Harmonizing the Gospels
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25-08-2015, 04:54 PM
Harmonizing the Gospels
I commonly hear theists talk about biblical harmonization, especially when referring to the gospels.

My general approach has been that those who take what a certain gospel says, combine it with what another says, kind of create another version of their own which isn't the way the gospels came down to us. They create their own NEW version which is completely unlike any of the gospels in the NT. Once you do this you're refusing to read them as they were produced and this destroys the integrity (ha!) of the gospels as they stand and steals from each author's own understanding of who Jesus was and what he said or did (if in fact he existed at all).

My question is this...I also often hear theists say that you have to read the gospels like you are at the scene of an accident. Every witness is going to have a different version of the same story. Leaving aside the claim that the gospels are not first hand accounts, how do you refute this claim? I've always had trouble with it because to me it logically makes sense. It is true that different people will have different stories at an accident. Some will forget some details and others will remember them. You may even have a person or two who thought that they saw something that they really didn't. Sub-stories may not jive completely but it all adds up to the same basic story-line.

What are your thoughts?

**Crickets** -- God
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25-08-2015, 05:13 PM
RE: Harmonizing the Gospels
If the Bible was truly inspired by God--then I don't think there would be differing views of such important events re: Jesus. An all-powerful being would make sure that every story was 100 percent the same and accurate since the story of Jesus is so important for Christians.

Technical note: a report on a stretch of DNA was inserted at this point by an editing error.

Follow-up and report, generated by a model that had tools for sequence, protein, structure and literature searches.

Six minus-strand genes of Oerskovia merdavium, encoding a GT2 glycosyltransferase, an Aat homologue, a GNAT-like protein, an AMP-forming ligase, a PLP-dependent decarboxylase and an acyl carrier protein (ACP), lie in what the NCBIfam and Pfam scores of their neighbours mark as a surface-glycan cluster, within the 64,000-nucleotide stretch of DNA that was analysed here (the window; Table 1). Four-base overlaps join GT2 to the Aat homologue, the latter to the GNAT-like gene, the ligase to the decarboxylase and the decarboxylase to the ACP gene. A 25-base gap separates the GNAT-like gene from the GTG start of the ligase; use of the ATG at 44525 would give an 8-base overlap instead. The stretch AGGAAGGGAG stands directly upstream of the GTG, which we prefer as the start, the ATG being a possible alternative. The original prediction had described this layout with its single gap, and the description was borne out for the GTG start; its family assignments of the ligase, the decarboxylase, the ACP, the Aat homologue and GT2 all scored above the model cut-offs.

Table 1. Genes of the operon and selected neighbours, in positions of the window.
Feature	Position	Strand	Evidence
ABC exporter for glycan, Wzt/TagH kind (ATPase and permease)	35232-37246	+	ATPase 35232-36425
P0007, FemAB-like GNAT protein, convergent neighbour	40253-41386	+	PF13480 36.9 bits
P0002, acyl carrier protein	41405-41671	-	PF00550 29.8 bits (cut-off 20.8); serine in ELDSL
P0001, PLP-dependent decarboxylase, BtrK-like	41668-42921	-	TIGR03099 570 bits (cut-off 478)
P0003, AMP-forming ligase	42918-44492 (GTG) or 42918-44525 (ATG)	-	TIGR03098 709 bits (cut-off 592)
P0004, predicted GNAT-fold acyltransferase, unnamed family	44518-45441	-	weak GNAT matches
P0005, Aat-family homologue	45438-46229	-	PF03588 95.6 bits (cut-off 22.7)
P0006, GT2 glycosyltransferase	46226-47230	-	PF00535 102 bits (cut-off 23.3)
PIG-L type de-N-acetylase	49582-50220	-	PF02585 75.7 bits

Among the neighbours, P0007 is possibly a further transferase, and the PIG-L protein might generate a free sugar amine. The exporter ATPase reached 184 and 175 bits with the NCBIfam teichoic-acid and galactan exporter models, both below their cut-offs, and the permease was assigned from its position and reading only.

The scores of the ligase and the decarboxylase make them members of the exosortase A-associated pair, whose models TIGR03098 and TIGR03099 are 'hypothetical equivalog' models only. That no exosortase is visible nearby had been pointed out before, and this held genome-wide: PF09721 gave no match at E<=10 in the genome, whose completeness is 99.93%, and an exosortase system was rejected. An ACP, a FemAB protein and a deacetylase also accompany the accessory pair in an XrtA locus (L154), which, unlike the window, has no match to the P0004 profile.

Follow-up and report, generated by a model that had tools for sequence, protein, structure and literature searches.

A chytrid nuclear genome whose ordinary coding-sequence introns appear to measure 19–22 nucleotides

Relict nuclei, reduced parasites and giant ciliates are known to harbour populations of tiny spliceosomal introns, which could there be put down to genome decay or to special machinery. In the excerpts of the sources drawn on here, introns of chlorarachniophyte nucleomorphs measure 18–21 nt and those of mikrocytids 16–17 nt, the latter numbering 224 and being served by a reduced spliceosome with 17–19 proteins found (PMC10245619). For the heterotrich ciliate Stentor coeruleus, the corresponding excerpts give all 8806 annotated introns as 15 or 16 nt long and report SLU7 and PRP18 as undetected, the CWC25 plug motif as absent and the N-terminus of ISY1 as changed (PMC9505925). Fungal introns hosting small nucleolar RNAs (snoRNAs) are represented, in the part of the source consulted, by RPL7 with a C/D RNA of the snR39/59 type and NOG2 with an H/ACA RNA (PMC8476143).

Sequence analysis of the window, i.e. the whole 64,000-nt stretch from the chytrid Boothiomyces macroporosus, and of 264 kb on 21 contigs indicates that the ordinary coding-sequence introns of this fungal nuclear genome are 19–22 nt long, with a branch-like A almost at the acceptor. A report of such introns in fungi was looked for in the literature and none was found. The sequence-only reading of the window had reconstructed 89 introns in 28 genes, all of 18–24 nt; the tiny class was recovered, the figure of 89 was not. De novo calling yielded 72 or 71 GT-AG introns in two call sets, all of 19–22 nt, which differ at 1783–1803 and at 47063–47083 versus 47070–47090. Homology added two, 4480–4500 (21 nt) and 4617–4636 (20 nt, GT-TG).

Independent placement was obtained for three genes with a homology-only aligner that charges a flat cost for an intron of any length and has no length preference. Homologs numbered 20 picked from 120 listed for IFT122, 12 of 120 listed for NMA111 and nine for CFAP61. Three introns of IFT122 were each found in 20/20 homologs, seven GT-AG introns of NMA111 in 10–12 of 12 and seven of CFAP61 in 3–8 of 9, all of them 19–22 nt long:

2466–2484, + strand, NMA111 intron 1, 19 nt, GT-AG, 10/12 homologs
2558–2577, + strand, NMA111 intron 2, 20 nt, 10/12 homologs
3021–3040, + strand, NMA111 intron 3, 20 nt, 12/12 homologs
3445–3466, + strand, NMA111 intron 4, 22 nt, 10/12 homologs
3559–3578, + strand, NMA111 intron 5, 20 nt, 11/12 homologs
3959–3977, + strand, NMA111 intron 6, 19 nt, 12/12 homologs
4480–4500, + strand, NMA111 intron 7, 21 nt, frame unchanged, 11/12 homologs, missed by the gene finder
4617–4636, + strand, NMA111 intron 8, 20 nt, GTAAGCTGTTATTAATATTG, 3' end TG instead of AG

In terms of Paul's letter to the Corinthians--the Corinthians lived miles and miles away from said events and had no way to corroborate events.

Also, according to Ehrman, the Gospels were not written by eyewitnesses.



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25-08-2015, 05:26 PM
RE: Harmonizing the Gospels
Oops just saw this part of your post: "Leaving aside the claim that the gospels are not first hand accounts, how do you refute this claim?" That's what I get for playing on here and working at the same time. Wink

The fact that these were not first hand accounts refutes the claim. That part is huge--because it further showcases that these were just stories that were either made up or stories that were fabricated upon (kind of like the game telephone we played as kids). Even leaving all that aside and lets say this group of people *were* eyewitnesses. Groups of people claim to see things that are not there all the time. Hector Avalos discusses this in his book, The End of Biblical Studies. He also goes on to mention Paul's letter to the Corinthians. The Corinthians lived miles and miles AND miles from said events and had no way to corroborate anything Paul said in his letters and thereby took everything he wrote at face value. There is also no record of dead saints rising from their graves other than the Gospels and that is only in Matthew. Something like that would surely have been written or at least mentioned in the other Gospels. That would be like a car crash happening in front of 5 witnesses and then an alien space ship flying around and landing in the middle of the highway in front of everyone--clearly the 5 witnesses would mention that since it was such an anomaly.